*

At the co-ed bridal shower a few evenings later, I watched Sanford and Charlotte twirl around on the dance floor. Our parents had rented a much smaller ballroom in a smaller hotel for the event, but it was no less swanky, as it was a black-tie affair. Caroline, Danny, Carmen, and I sat at a table. We were surprised that Danny had agreed to come, but were nonetheless happy he was there.

“You know what?” Carmen began, accepting her fifth glass of champagne from the server. “That chauvinist pig really does love her. Look at them.”

I already was. Sanford whispered in her ear; he intermittently dipped her, to her delight; he made her laugh. There were times, too, unbeknownst to Charlotte, that Sanford simply gazed at his wife-to-be, stupefied and proud all at the same time. I swallowed thickly. My sister was not solely our parents’ miracle, but his, as well.

Caroline glanced pitifully at me, as did Danny. My heart sank. Did I truly believe that my sister hadn’t mentioned my feelings for Sanford to her husband?

“When she was 7, I think, she told me that she was a princess, but she couldn’t marry a prince because she was—she was sick all the time,” Carmen continued, slowly swirling her champagne around in the glass and gazing at the bubbles. “Remember how she was in and out of the hospital for all the bronchial stuff? But, I told her, ‘you can marry a prince, Charlotte. Your prince will love you and take care of you.’” With tears now glistening in her eyes, Carmen downed the contents of the glass and hailed a server for another. Caroline vigorously shook her head at the server and flagged another server down for several cups of coffee.

With Carmen’s words volleying about in my mind, I returned my attention to the couple, really to Charlotte. She was vision in a mermaid-style, black gown, her dark hair cascading down her shoulders in loose ringlets. She no longer dealt with bronchial and respiratory issues, although my mother still forced her to wear a coat during the cool San Diego evenings. At 26, she was a healthy, vibrant woman. Coddling her was no longer necessary, but I knew it wouldn’t stop, certainly not from Bob and Irene Vine. To them, Charlotte Mary Vine was still that baby in the NICU, struggling to breathe. But I had to put a stop to certain things; to babying her, to my parents’ requests that I baby her, to my feelings for her almost-husband. Let the princess alone, I told myself. Leave her to her prince, and do it quickly.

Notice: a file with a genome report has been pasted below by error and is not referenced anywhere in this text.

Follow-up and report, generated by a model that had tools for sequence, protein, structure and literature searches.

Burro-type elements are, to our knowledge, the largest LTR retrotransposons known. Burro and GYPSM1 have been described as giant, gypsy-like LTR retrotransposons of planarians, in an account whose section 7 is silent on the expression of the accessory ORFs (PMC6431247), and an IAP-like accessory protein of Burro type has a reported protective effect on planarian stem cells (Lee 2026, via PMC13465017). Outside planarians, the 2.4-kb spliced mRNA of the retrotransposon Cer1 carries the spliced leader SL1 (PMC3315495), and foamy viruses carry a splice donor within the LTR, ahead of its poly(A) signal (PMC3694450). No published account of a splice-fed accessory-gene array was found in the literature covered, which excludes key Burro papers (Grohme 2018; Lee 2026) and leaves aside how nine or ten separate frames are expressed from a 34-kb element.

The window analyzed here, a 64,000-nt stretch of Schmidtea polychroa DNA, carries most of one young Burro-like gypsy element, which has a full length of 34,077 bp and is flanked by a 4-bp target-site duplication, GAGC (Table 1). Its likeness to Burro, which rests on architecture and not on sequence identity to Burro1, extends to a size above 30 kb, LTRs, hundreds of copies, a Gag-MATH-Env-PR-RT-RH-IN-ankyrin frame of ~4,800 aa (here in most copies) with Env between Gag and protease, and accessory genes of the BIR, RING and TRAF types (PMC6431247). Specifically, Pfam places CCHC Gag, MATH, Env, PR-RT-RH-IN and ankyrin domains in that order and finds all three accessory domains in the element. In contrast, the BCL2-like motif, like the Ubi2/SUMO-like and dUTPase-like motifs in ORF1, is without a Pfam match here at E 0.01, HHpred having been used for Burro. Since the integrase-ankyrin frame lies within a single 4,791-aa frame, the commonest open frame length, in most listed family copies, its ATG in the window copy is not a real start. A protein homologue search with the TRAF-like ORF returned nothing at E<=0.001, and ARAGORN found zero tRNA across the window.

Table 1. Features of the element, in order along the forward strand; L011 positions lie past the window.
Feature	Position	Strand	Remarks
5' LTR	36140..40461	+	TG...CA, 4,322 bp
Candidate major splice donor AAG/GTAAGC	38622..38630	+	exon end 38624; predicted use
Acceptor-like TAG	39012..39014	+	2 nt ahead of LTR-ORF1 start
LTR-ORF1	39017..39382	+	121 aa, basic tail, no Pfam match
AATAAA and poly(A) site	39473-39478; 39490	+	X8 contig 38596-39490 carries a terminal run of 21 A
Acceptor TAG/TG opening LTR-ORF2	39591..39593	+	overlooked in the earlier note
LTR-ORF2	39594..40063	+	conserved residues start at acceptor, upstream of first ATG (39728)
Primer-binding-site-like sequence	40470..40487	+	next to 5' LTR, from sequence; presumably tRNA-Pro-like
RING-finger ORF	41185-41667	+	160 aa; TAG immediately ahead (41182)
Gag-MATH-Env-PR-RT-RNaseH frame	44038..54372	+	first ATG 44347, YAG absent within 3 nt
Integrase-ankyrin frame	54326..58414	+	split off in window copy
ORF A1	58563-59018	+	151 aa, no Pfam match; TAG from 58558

“Cath, would you like to dance?” Danny asked.

Slightly thankful for the interruption to my thoughts, I nodded and left Caroline to mind a belligerent-because-of-coffee Carmen. We walked out onto the dance floor and began to sway to a light jazz number.

“Easier said than done,” Danny said, “but I’m sure you know that you need to get over him.”

“I know. I’m resolved to do just that.”

“Good. But how?”

“Loyalty to my sister and just moving on with my life. It won’t happen overnight, but I’m confident,” I said firmly.

Danny nodded. “I believe you. What made you fall for him in the first place?”

“We were teenagers. But he seemed to care about what I thought about things, my opinions. Something about that stayed with me and didn’t want to let go.” I pondered it over some more. “He listened to me. No one seemed to be listening to me.”

“Someone will, Cath. I know that, we all know that. You’re worth listening to.”

I smiled at my brother-in-law. One day, my parents would understand that their eldest had indeed married up.

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